Though the COVID-19 pandemic appears to be approaching its end-state, there are still many worries, particularly in the personal and wellness sector. As a result, many people wonder about a massage during covid, and if it’s safe to do.


If you’re interested in getting a massage during this strange time, you’re in the right place. Below will discuss if it’s safe, massage restrictions, and the current CDC guidelines for the subject. By the end, you’ll know if this is something you should consider doing and why a massage is beneficial during a pandemic.


Is it Safe to Get a Massage During COVID?

As long as you and the massage therapist you’re seeing are doing the recommended CDC guidelines for a massage, it should be perfectly safe. The basics include mask-wearing, sanitation between clients, proper hygiene, and vaccination against the virus.


Realize there is always a risk with COVID-19, even with the proper measures in place. These measures are meant to make it less likely for you to get the virus, but that possibility always remains. Still, a massage can significantly reduce stress and fight inflammation, essential during a pandemic.


Massage COVID Restrictions

Though restrictions vary depending on where you live, most personal and wellness studios have some restrictions set up in their business. At least, there have been changes to the business when compared to 2019. Nevertheless, below will highlight some general COVID-19 restrictions you can expect at a massage studio.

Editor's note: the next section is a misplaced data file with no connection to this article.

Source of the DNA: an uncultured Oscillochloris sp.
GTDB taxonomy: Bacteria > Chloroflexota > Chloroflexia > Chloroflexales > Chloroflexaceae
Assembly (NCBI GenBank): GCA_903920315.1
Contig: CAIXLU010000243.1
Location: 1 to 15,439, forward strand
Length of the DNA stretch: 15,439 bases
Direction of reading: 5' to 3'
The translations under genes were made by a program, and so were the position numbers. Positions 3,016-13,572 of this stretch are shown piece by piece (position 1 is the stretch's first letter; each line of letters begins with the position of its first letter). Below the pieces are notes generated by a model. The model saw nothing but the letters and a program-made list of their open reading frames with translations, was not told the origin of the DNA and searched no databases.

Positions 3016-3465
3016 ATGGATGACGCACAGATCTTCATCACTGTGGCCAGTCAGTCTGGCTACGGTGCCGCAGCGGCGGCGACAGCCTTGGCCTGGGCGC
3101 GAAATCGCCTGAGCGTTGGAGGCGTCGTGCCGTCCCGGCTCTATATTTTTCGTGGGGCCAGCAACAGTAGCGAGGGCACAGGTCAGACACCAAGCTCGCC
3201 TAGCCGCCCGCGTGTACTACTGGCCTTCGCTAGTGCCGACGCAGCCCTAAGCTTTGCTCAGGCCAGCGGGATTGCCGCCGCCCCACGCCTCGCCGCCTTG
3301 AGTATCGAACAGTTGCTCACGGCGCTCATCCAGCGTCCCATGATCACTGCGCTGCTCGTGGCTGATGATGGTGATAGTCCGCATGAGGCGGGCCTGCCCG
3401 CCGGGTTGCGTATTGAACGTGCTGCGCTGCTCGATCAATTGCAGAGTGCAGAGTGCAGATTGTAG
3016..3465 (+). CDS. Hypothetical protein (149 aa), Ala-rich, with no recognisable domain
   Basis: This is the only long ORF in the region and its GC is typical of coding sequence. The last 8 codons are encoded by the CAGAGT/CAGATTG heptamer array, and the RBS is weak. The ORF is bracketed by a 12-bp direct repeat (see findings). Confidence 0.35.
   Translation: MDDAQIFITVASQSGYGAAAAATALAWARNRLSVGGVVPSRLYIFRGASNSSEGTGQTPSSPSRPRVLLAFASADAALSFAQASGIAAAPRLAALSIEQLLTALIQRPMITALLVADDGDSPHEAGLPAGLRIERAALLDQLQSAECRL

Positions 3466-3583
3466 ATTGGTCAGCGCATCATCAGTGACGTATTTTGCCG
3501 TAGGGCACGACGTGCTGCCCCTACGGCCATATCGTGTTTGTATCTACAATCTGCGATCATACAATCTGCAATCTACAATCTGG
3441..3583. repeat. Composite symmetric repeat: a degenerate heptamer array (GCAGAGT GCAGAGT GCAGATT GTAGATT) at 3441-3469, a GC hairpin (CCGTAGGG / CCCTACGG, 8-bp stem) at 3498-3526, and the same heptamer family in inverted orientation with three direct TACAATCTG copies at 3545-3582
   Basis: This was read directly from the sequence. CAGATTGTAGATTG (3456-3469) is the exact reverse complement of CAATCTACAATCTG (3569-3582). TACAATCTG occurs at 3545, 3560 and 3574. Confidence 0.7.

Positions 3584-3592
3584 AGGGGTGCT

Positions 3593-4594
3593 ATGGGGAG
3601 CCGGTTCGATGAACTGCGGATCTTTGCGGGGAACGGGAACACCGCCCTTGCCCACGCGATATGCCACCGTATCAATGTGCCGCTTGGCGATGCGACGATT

Local Law

The first and most crucial part of COVID-19 is the local law related to a massage during covid. For example, some U.S. states have barely any restrictions while others are stricter with mask-wearing and mandates. 


Similarly, the law varies throughout Canadian Provinces and the rest of the world. Either way, be aware of what laws are set up for where you live so you know if getting a massage is even possible right now.

Click here for an outline of COVID-19 guidance for personal and wellness services in Alberta.


Generally speaking, the most common requirement for a massage service is to wear a mask while getting the massage. The massage therapist usually wears one throughout the service, with the customer expected to wear one depending on the business and location. No matter where you are, expect a mask requirement.

Hygiene and Cleaning

After the mask requirements, most personal and wellness studios enforced stricter hygiene and cleaning requirements for their business. Most of these requirements are required by local law. Examples include disinfecting the surface after each client, having hand sanitizer by every door and exit, and proper hand-washing from the workers.

Other PPE Equipment

Besides masks, some areas and massage studios require their massage therapist to wear other PPE equipment such as gloves, face shields, dividing protective glass, and a surgical gown. Though this isn’t the case everywhere, expect to see some protective measures.

Vaccine Mandate